Wednesday, April 04, 2012

book review: The Names by Don DeLillo

Language, specifically the names of things, is a theme from all angles in this book which manages to unsettle the reader until the last word.

In a nutshell the story follows an American former journalist, now risk analyst, who is living in Greece. James is separated from his wife but they start the story in close proximity working at an architectural dig on a nearby island. The dig is looked after by Owen Brademas a figure who is central to the plot although rarely takes centre stage.

Language comes into the tale straight away because it is a barrier. James is learning Greek but ends up telling lies to the doorman in his building because he doesn't know the right words to describe what he is really doing.

Likewise the communication breakdown in his marriage is exacerbated by his habit in the past of listing his faults and then reciting some of them in strange voices.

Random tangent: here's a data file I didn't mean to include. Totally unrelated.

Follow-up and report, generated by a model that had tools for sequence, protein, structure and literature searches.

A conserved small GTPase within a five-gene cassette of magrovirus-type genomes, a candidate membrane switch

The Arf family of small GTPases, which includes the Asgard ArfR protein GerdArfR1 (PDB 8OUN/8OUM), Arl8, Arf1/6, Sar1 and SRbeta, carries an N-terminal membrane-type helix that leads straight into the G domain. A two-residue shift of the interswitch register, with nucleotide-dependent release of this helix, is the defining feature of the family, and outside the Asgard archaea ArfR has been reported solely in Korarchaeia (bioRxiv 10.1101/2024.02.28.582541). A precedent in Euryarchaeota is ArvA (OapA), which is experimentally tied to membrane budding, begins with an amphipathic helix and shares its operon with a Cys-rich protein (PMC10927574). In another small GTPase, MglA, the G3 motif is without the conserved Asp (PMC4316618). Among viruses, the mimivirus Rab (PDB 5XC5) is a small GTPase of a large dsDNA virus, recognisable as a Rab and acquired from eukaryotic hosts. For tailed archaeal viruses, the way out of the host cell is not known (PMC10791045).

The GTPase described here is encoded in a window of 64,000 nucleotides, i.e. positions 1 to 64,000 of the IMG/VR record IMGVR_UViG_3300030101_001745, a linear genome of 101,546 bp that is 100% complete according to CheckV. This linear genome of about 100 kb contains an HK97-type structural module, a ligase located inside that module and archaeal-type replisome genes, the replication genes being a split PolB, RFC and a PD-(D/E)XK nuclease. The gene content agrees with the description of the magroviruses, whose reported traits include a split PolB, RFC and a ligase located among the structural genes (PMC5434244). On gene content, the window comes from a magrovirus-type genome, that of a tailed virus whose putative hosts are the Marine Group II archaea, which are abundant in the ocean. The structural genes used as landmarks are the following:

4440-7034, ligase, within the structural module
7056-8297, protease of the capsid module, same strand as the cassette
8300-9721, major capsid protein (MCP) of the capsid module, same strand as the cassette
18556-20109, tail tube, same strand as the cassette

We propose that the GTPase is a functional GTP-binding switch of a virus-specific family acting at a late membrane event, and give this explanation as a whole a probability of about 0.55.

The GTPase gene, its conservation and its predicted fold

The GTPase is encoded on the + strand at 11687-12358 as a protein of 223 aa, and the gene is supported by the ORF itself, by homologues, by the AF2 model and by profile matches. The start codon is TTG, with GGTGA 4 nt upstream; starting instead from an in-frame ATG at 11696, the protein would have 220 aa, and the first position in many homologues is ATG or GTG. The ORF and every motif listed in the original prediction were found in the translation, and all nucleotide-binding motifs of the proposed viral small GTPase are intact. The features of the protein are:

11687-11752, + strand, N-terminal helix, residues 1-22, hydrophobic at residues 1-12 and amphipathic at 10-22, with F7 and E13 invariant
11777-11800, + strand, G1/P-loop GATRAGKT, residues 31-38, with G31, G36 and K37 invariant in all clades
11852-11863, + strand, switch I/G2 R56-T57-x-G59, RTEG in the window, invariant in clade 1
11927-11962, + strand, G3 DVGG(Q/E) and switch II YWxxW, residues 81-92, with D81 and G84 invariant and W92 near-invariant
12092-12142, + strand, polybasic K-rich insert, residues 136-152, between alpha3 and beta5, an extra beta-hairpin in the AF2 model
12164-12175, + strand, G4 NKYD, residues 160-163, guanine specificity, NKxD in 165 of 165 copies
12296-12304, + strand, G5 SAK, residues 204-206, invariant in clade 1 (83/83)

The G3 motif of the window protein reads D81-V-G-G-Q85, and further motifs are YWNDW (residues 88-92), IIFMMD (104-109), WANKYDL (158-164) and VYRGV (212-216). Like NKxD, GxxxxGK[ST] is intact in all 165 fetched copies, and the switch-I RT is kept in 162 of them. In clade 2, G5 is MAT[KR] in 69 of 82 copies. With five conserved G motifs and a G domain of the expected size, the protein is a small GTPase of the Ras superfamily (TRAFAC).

What words stand for is something that obsesses Owen and starts to run off on James and then in turn on his film making friend who hears of a cult that kills people that are named in the locations they are murdered. For instance Maud Kolo in Milton Keynes. For a while I thought that the main character James was destined to be dragged somewhere that matched his initials and killed but you come to understand he is more of an observer.

He is trying to read the language, both written and in signs and body language, and come to conclusions rather than becoming the story himself.

As a result he is in an ideal position to watch the ex-pat community, breeze through Greece, Turkey, India and beyond as he gathers risk data and even meet and talk to the cult about their activities.

The book is not always easy to get through and there were times you felt that the hunt for the cult was one that might not be worth the effort. As James heads for India and collects more stories of random deaths you start to suspect that there is no great mystery behind it after all.

Perhaps that is the real lasting impression here, that you can look for meanings too hard in things and sometimes language and words can not really be used to justify base acts of brutality.

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